It is very important for the world to know about the Yezidi people, what they are going through, and the beauty that their religion truly represents.


Watch a short video about the art project in Northern Iraq with Yezidi women.


Upon my return from Northern Iraq, I have begun painting my own portraits of the women, from photographs, and hope to exhibit these alongside the artwork by the Yazidi women.

A graduate in Arabic and History, I was 18 when she began selling my paintings to fund her humanitarian work, which I have undertaken in Mozambique, Sudan and Jordan. More recently I painted refugees in the notorious “Jungle Camp” at Calais; these paintings were shown last year at The Crypt Gallery in London in an exhibition marking UK Refugee Week.

My previous paintings were in oil paint however, for the portraits of the Yezidi women I hope to paint a series of egg tempera paintings with gilding on gesso.

This beautiful, luminous egg tempera technique was used by Botticelli, Fra Angelico and Fra Lippo Lippi in the early Renaissance.

It is a technique rarely used or taught today and it is wonderful to learn how to paint in this subtle method which requires a great deal of patience.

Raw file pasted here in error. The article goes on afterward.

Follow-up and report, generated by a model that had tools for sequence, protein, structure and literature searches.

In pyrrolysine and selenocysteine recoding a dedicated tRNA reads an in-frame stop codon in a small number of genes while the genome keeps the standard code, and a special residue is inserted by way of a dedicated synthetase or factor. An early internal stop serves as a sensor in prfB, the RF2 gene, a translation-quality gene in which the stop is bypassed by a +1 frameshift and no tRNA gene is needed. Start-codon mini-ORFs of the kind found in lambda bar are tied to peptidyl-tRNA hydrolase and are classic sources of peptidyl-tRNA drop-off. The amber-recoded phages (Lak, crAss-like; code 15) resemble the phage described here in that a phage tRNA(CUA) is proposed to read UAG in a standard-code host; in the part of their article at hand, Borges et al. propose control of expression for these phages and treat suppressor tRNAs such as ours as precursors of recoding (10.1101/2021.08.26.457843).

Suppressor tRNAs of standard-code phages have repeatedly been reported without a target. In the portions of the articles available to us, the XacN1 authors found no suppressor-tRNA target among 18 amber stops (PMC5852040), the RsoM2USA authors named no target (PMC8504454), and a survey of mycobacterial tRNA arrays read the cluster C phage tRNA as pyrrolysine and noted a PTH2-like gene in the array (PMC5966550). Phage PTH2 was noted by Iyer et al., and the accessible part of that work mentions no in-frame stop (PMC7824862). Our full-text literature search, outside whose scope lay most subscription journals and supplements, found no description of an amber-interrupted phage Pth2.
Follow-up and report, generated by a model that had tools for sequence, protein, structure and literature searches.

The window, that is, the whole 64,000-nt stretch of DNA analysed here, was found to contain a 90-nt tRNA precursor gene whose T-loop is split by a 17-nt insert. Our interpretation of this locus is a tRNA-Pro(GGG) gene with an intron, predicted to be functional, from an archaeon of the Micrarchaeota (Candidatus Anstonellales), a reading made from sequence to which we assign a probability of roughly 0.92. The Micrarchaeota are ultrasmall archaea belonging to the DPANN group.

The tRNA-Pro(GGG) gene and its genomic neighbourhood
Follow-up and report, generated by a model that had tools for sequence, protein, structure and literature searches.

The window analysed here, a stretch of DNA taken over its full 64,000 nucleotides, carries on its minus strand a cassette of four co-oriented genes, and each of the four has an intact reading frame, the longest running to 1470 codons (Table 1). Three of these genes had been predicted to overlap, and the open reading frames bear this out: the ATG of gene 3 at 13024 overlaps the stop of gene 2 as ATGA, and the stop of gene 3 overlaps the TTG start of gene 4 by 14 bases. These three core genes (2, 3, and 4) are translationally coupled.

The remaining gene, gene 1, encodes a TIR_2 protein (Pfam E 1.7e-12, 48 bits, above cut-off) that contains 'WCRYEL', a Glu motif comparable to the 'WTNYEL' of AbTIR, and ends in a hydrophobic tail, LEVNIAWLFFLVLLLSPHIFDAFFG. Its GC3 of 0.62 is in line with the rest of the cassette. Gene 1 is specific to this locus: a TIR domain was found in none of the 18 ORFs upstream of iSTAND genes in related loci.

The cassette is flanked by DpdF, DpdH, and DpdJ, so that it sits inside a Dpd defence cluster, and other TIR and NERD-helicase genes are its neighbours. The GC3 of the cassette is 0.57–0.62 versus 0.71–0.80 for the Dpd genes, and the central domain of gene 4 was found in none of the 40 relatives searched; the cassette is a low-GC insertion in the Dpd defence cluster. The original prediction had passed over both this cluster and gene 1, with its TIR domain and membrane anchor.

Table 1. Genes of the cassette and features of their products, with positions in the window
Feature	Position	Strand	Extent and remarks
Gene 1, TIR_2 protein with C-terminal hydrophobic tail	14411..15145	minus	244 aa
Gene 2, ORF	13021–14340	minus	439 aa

The photos in the gallery show the process of egg tempera technique which requires building up a tonal underpainting before adding transparent coloured glazes. This is the first of my portraits of the Yezidi women in progress and there is a long way to go still! Many egg tempera paintings require at least one-hundred layers.

I intend to apply gold leaf for the background of each painting is to show the sacred value of these Yezidi women, regardless of all they have suffered at the hands of ISIS.

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3 August marked the poignant anniversary of the fall of Sinjar, an event so traumatic for the Yazidis that several women had marked it in tattoos on their skin. It was the date that they were taken into captivity and the last time they saw their many of their loved ones.